December 27, 2012
By Lou Rodia The Holiday season has come and gone. Winter has officially arrived. A whole new fishing season lies ahead. Boat schedules are changing. Marinas and tackle shops are operating under curtailed schedules. Anglers should call ahead to confirm sailing schedules and shop hours. Striper season closes Dec. 31 in all New Jersey state waters except from the Atlantic Coast shoreline to 3 miles offshore. Sea bass season will reopen Jan. 1 and will remain open through Feb. 28. Anglers will be allowed 15 sea bass per day with a minimum size of 12.5 in. Blackfish season remains open through Feb. 28 with a 4 fish per day bag limit and a 15 in. minimum size.
September 12, 2012 |
IT SURE beats a pan of paella. Although there's nothing wrong with this rice dish, often served with seafood on a large pan, Maximillian was a better choice. Robert Phillips, a prominent local sculptor who worked in iron, convinced the owners of the Striped Bass restaurant at 15th and Walnut streets in 1994 that a fish named Maximillian would be a better choice as a decorative piece to hide the oven's hood. And what a fish! Bob Phillips' fish is an amazing work of art, 16 feet long, 7 feet wide, 4 feet thick and weighing about 400 pounds.
June 29, 2012 |
Your restaurant is riding high. Day after day, plates of food go out of the kitchen looking beautiful and come back empty. Costs are in line. Employees are happy. Then one day, the chef sits you down. "I'm leaving. " Such is what happened recently at Fork, Ellen Yin's bistro in Old City. Terence Feury, who joined Yin to fanfare in January 2009, said he had a golden opportunity to invest in the renovation of the Old Swedes Inn in Swedesboro, Gloucester County, and to lead its kitchen later this summer when it opens as Tavro 13. Yin might have been surprised, but she could not have been shocked.
July 22, 2010
Here is an excerpt from Craig LaBan's online chat: Reader: I was sad to see Bebe's BBQ close in my neighborhood. That closing drove me to revisit Percy Street for the first time since December. Had a great dinner there and was especially pleased by the delicious sides: white bean salad and German potato salad. Craig LaBan: I was sad too, because he made a pretty good 'cue, mostly because of the fantastic rub. I'm not surprised though - the place was inconsistent and seemed to struggle with the basics of running a business.
September 24, 2009 |
Mike Stollenwerk has a somewhat bigger fish to fry. That would be Fish (1708 Lombard St., 215-545-9600), his larger, liquor-licensed follow-up to his critically acclaimed Little Fish, a BYOB in Bella Vista. Stollenwerk hopes to open next week, licensing permitting. Stollenwerk will be full time at Fish, a 50-or-so-seater that occupies the double storefront in the Graduate Hospital area that for decades was Astral Plane. Sous chef Chad Jenkins is running Little Fish; he's now a partner.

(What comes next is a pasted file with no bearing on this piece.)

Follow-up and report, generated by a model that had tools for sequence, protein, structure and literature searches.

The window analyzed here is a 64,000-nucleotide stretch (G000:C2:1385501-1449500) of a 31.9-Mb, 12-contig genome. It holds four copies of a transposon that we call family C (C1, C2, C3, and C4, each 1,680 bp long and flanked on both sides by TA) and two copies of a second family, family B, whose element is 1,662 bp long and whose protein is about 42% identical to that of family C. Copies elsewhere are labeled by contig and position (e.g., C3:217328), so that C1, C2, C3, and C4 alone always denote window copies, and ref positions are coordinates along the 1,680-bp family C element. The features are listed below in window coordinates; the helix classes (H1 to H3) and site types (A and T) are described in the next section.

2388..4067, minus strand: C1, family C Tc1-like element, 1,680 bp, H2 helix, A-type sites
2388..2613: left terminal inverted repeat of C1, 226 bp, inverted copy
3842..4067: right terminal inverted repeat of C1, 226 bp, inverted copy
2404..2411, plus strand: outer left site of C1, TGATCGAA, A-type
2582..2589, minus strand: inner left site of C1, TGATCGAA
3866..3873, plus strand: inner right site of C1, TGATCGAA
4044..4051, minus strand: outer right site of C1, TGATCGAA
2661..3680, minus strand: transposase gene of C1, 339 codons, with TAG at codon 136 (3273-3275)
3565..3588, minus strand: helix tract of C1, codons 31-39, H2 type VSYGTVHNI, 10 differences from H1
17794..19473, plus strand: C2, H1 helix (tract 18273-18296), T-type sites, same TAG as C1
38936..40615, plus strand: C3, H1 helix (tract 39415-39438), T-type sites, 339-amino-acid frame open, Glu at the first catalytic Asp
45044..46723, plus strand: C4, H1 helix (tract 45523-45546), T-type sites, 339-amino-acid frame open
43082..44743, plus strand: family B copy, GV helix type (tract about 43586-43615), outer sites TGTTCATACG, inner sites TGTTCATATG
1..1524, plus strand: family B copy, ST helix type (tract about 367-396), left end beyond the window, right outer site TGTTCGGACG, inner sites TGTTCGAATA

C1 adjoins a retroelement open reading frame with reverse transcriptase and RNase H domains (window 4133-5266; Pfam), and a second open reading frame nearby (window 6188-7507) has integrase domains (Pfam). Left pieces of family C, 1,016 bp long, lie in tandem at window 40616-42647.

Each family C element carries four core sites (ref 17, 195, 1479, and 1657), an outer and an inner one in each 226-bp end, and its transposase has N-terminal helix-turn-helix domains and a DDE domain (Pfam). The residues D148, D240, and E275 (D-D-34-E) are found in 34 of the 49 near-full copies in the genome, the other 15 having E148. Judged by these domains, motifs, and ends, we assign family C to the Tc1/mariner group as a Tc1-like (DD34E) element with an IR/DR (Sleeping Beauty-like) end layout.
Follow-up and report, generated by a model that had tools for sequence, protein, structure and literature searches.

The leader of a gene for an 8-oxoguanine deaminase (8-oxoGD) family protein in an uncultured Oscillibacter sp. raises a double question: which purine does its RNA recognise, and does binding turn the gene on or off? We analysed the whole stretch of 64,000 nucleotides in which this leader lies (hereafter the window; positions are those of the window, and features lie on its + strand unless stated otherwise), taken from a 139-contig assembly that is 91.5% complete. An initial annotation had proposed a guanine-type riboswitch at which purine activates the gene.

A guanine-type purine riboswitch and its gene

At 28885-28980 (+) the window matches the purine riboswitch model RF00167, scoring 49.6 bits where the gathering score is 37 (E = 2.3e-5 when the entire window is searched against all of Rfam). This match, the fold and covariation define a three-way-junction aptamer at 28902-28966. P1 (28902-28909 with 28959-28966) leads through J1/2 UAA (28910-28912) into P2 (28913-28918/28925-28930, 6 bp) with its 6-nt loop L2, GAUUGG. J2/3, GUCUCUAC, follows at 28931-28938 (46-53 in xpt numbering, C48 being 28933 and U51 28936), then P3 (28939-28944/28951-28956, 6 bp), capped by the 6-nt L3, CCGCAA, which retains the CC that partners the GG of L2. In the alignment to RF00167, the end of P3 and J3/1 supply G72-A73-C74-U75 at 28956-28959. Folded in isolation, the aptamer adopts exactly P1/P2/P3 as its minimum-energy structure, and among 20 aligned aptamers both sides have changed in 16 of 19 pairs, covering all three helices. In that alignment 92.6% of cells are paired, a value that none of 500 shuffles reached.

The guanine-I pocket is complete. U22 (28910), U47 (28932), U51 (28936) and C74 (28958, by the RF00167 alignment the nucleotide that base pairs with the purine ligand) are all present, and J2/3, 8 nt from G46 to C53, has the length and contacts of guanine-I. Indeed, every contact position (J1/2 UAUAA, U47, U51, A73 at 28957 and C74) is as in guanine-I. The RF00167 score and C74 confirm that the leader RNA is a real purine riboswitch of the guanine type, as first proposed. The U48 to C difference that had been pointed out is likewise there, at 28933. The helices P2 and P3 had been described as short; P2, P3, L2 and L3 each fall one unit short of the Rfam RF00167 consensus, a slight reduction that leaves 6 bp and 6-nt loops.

July 20, 2009 |
No one had counted on the fluke. The fluke was a bonus. The real target was the good-eating black sea bass known to be biting off Atlantic City. They congregate over the old shipwrecks five or six miles offshore - easy, almost-guaranteed pickings, which is important if you've promised the freshest fish dinner in the city. That was the hook that Fork, the top-rated Old City bistro, used to reel in a charter boat's worth of customers for its $200 all-inclusive Fisherman's Dinner on Saturday evening.
February 22, 2009 |
From the moody, palm-fringed dining room at Fork, you can view the catch that is Terence Feury, framed in the stainless steel of the open kitchen, dark bistro apron past the knee, shaven head glinting in the light from above. He's a trophy fish, an exceedingly big fish (time at Le Bernardin in New York, top chef jobs with various Ritz-Carltons and, most visibly, before its demise, the city's celebrated Striped Bass), suddenly, though ostensibly contentedly, aswim in a far, far littler pond.
February 15, 2009 |
Before we bury the dear departed Striped Bass beneath a stampede of hungry meat-eaters, let us first pay tribute to the lasting splash of the big fish. In terms of a culinary legacy, there's no denying its impact: In the last year alone, no fewer than 10 chefs reviewed in this column worked at some point behind the lines of Striped Bass' open kitchen. Of course, its closing last year and recent replacement by a less-adventurous concept, a steak house called Butcher & Singer, marked the beginning of the end of an era, too, adding a scratch to the gold-plated culinary ambition of Walnut Street's Restaurant Row. That veneer has since taken a few more scuffs with the recent closing of Brasserie Perrier and news that Susanna Foo, ever the survivor, wasn't above starting to offer home delivery.
January 1, 2009 |
Clearing the Record This article about Michael D. Marino?s annual game luncheon incorrectly stated that Marino voted for Barack Obama. While Marino says he is impressed with Obama, he cast his ballot for John McCain. What would Michael Pollan, acclaimed author of The Omnivore's Dilemma and In Defense of Food, think of Mike Marino's annual Wild Game Luncheon? Pollan has been a writer, teacher and advocate for informed, sustainable eating for about as long as Marino, a former Montgomery County district attorney (1988-99)
June 8, 2008 |
Striped Bass will close at the end of the month as owner Stephen Starr plans to turn the seafood destination restaurant this fall into a '40s-supper-club-style steak house called Butcher & Singer Steak & Seafood. Starr told staffers yesterday that they'd be offered jobs at his other restaurants, including Parc, the French bistro he plans to open July 1 on nearby Rittenhouse Square. Butcher & Singer was the brokerage firm that occupied the space at 15th and Walnut Streets before Striped Bass opened in 1994.